It’s evident Marianne will never decide one way or the other. She and Jewel sometimes fit each other’s desires, sometimes fit each other’s needs, but rarely for long or at the same time. It’s all rather despairing (“There’s nowhere to go, dear,” said the Doctor. “If there was, I would have found it.”) — and not because this is a post-apocalyptic, ruined version of our world, but because it’s an emotional picture of the world as it can be now, if you’re caught between incompatible desires and needs, and perhaps trapped in a marriage you sometimes want and sometimes hate. The post-apocalyptic wasteland just exists to add that note of hardly-necessary hopelessness to an already hopeless domestic situation. As Mrs Green says:

“It’d be hell with your Dr Donnelly running everything, real hell, no respect for the old or nothing. Only tortures, mutilations and displays of magic.”

I can’t help feeling, though, that Dr Donnelly is running the world in Heroes and Villains, or at least his approach is the only one that works. He’s given up all attempt at being rational and consistent, and has embraced a sort of wilful madness. As a child, Marianne lived in a world of carefully-protected reason; bored with that (and after the death of her father) she left it, to find that nothing would ever be the same again:

“When I was a little girl, we played at heroes and villains but now I don’t know which is which any more… Because nobody can teach me which is which or who is who because my father is dead.”

So, the comparison with H M Hoover’s Children of Morrow is less about the two authors’ ideas on technological as opposed to barbaric societies, and more about differing complexities in their characters’ inner worlds, the simplicity (or not) of their needs and desires, the difference, perhaps, between childhood’s easy answers and adulthood’s impossible questions.

The Morrow Books by H M Hoover

Cover to 1987 Puffin UK version, art by Michael Heslop

Tia and Rabbit are a little bit different from the other children at the Base, a primitive hunting and farming culture lorded over by the Major and the other Fathers (any man who sires a child is admitted to the upper ranks), who worship the relics of the ancient past, chief among which is a missile in a silo under their “church”. It’s an utterly repressive society, and a life of endless toil and constant fear of punishment for any transgression against the Major’s whims. Tia, though still a child, is taller than most of the other women and men at the base, though she gets breathless more easily; Rabbit, a younger boy, stammers. The two have shared a connection ever since Rabbit fell down a hole in the woods outside the Base’s grounds, and Tia, somehow hearing his cries for help, knew exactly where to find him. Ever since, she’s been branded a witch by the superstitious-minded people of the Base.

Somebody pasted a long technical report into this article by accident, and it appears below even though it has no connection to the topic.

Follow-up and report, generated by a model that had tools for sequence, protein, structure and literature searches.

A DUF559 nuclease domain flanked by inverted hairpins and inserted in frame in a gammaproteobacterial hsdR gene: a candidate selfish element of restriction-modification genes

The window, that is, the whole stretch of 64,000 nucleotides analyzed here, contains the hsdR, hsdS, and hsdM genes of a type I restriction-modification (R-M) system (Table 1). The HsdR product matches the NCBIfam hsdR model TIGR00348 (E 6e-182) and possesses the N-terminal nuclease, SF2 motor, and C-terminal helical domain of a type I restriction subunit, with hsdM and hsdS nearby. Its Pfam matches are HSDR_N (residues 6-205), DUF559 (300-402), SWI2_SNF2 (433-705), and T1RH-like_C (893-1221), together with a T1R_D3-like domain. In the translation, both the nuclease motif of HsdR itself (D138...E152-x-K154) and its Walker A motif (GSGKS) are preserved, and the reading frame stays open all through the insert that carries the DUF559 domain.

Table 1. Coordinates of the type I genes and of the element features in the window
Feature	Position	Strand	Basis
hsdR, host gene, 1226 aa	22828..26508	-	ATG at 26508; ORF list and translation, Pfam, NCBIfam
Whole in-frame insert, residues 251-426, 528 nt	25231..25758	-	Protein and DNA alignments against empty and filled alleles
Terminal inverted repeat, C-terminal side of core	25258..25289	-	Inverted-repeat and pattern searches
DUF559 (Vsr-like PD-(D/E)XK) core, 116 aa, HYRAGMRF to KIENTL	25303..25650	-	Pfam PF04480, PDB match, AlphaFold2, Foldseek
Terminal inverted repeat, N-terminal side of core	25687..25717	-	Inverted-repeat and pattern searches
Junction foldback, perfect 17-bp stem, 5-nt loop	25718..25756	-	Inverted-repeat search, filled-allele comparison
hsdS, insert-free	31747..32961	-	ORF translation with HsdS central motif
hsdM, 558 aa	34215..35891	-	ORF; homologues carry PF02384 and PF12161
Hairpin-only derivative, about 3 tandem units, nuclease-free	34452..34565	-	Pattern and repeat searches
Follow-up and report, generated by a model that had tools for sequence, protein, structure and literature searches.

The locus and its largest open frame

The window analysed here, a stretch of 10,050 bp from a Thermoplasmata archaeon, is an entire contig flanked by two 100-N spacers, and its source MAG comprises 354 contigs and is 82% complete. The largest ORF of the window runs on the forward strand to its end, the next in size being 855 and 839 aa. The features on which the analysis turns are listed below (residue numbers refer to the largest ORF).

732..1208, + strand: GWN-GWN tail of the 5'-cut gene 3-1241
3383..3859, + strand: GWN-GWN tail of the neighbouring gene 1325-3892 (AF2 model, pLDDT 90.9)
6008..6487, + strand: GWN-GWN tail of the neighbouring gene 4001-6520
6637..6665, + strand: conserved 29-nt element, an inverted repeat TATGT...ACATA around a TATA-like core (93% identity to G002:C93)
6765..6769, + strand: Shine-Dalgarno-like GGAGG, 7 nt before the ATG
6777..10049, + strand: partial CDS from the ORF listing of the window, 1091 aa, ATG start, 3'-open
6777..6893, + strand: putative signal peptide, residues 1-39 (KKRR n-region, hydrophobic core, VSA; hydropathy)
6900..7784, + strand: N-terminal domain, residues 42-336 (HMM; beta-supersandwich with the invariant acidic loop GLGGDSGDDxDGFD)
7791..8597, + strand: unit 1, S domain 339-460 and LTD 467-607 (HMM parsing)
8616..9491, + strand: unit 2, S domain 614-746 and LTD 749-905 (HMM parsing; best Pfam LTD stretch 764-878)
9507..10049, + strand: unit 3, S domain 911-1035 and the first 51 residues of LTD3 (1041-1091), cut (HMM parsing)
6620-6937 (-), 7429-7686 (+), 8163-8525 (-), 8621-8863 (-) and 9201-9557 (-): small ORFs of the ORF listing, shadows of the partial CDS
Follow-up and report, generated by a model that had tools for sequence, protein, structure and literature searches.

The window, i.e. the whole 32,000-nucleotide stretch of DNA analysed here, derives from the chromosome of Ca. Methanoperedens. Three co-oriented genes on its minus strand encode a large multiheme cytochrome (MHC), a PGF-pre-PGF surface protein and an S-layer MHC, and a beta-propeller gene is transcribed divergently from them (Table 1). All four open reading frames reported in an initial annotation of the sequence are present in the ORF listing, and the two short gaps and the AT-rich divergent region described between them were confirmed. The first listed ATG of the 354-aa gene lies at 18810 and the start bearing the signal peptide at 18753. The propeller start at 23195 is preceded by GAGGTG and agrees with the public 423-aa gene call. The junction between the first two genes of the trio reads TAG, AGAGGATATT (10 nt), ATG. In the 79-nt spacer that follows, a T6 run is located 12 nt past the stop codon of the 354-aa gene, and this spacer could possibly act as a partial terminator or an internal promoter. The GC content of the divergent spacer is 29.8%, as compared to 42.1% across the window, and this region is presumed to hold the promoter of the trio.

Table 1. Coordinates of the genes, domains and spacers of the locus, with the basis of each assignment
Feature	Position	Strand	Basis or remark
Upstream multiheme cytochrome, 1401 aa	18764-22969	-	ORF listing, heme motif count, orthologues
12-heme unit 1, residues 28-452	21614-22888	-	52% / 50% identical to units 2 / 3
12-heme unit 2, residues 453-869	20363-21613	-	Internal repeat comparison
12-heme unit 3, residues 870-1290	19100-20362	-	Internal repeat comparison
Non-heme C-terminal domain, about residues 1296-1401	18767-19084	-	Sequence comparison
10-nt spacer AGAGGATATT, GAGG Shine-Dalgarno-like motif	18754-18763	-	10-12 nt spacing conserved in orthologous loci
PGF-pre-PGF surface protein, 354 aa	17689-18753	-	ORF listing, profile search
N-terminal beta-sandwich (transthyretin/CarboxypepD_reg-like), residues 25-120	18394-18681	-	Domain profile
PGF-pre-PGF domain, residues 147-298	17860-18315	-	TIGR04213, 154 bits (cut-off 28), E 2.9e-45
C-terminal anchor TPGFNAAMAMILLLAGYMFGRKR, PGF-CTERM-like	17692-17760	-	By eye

And, it turns out, she sort of is. She and Rabbit share dreams in which they talk to Ashira and Varas, a man and woman living in a far different community called Morrow. The Morrowans are telepathic, and survived the ecological “Destruction” of the past (which began with the “Death of the Seas”, during which 93% of all living creatures died of suffocation) thanks to the foresight of Simon Asher Morrow, who created a subterranean complex into which he and his chosen few could retreat while the Earth recovered. Tia and Rabbit can communicate with Ashira and Varas because they too are telepathic, and when Rabbit’s nascent mind-powers result in him killing one of the more abusive Fathers in Tia’s defence, the two children flee the Base and, guided by Ashira and Varas but pursued by the Major and a handful of hunters, make their way down a hundred miles of river to meet the Morrowans on the coast of what was, many years ago, San Francisco.

(The writing really comes alive, I think, when the children encounter things on this journey they at first can’t understand — a ruined and overgrown city, for instance, or the sea, whose strange, distant noise and smell puzzle them at first.)

Beaver Books, cover by John Raynes

Helen Mary Hoover’s Children of Morrow was first published in 1973, and has much the same scenario as John Wyndham’s The Chrysalids, though the emphasis is less on that book’s struggle to keep its child protagonists’ telepathic powers secret, and more on the post-discovery chase and rescue. Unlike Wyndham, though, Hoover returned to the world she’d created with Treasures of Morrow (1976), a book that starts right where Children of Morrow ends, meaning the two can be read quite satisfyingly as a single story.

In Treasures of Morrow we get to see Tia and Rabbit’s journey to Morrow and their assimilation into a culture completely alien to them because of its technological advancement and its capacity for kindness. After this, Tia, Rabbit, Ashira, Varas and some other Morrowans go on an expedition back to the Base, and Tia and Rabbit get to look at the grim, unforgiving and brutal culture in which they were raised with fresh eyes:

“Did I ever look like that?” Tia wondered as she stared at them. At this distance, in their still pose, the women’s faces were blurs, one indistinguishable from the other. All had the same wild, tangled hair. All wore the same sacklike brown leather dress. Their feet and arms were bare and muddy. But it wasn’t their bedraggledness that bothered her so much as their hangdog air of subjugation. She had not been so aware of it before, and seeing it now, and remembering, disturbed her.